Her talk was all about how our (personal) networks can influence hiring and retention in the tech industry.

After laying out studies and papers about how we really hire “People like ourselves”, we delved deeper into the motivation behind it.

She gave a hilarious example of how the name Kevin has (had?) a bad connotation in Germany, which even lead to a word called Kevinismus, and the entire floor laughing out loud when she visibly felt embarassed about all the Kevin’s in the audience, and the continued, emboldened laughter after she exclaimed There’s actual research in that!.

At the end of her talk we got a nice summary:

Check your processes, your networks and yourself.

Are they varied, do they have same educational background, do they spend their nights gaming, or do they speak or dress the same way?

Then your network might be too homogeneous.

This might turn your networks into gatekeepers instead of welcoming, open gates.

A very refreshing and interesting talk, with a very smart and very fun to listen to speaker. Definitely watch her talk.

If you’re interested in more of her research, definitely check out her website. She’s currently working on a series of articles on The Habitus of Tech.

Slides / Notes

Joel Chippindale - Telling stories through your commits 

One of Joel Chippindale (@joelchippindale) was preaching to the choir (at least on my part) about how The key challenge as lead dev is managing complexity and how Naming, code design, refactoring and automated tests are all about communicating the intent of our software.

He then went on to say that VCS (like Git, Mercurial, SVN, …) is underused in this regard.

To have every line of code always documented, he presented us with the 3 principles he adheres to.

  1. Make atomic commits; What’s the smallest useful change u can make to ur codebase?

  2. Write good commit messages (on his website he links to Chris Beams’ How to write a good commit message)

  3. Revise your development history before sharing. With git rebase.

The biggest motivator to a team on using these principles is that all of them have the benefit of making commits simpler, and also easier to think about.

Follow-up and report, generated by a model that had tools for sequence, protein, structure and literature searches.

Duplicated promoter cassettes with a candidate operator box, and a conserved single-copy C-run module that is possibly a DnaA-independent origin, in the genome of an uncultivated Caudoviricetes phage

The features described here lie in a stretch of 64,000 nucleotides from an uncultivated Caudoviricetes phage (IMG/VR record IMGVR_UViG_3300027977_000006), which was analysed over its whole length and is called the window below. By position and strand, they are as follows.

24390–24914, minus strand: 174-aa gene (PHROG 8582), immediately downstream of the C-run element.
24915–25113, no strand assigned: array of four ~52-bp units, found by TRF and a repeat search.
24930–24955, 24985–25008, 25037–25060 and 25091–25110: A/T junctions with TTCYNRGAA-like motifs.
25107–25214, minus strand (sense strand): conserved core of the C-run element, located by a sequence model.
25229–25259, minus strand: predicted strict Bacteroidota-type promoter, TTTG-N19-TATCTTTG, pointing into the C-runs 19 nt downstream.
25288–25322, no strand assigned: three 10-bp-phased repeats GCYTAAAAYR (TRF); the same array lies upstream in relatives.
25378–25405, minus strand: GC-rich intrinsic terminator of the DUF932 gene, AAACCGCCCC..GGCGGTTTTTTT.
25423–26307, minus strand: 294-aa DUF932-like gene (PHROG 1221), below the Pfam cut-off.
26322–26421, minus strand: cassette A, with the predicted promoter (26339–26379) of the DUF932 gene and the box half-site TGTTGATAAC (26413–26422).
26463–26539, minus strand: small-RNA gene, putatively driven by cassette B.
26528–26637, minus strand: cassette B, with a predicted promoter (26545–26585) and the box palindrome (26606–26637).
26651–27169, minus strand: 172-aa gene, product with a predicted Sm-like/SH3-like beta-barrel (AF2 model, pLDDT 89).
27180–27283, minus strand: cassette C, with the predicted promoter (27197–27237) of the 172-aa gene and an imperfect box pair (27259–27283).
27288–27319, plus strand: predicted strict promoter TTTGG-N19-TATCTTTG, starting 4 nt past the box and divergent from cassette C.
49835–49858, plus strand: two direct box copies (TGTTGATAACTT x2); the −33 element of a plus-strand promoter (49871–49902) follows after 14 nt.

Absolutely loved this talk. It amazed me how much information he was able to cram in a relatively short talk.

Check out his website dedicated to this concept.

Slides / Notes

Sam Lambert - The argument for simplicity 

Sam Lambert (@isamlambert) taught us a bit about how they work at github.

They deploy with hubot in slack so they can easily backtrace what happened before and after in the conversation that is deploying to production. Neat!

If there’s one thing he wanted us to take along it was to get a therapist. People laughed awkwardly, but he was dead serious. It was great to see this taboo being taken down.

At the end, in stead of mentioning his own internet location he shared some people he wants us to look up, so here are the ones I managed to note down: @ihavenotea, @jessfraz, @eanakashima.

Slides / Notes

Nickolas Means - How to crash an airplane 

Jezus christ, how do I even begin summarizing this talk.

Nickolas (@nmeans, glorious beardy man, airplane afficionado, …) left the audience mesmerized and awe struck after channeling his inner Shaman, telling us a story about how a horrible plane crash could’ve turned out even worse if it weren’t for Cockpit Resource Management. And making the analogy to what makes up a good team.

If there’s one presentation you should watch of this conference, it’s this one.

A grasp out of some of his quotes:

Cooperation over Heroics

Everyone has a voice.

As leaders we need to avoid teams to develop dominant voices, especially our own. Use your authority to ensure every voice is heard.

Software is a team sport.

Slides / Notes

Day 2 

Continue reading Day 2!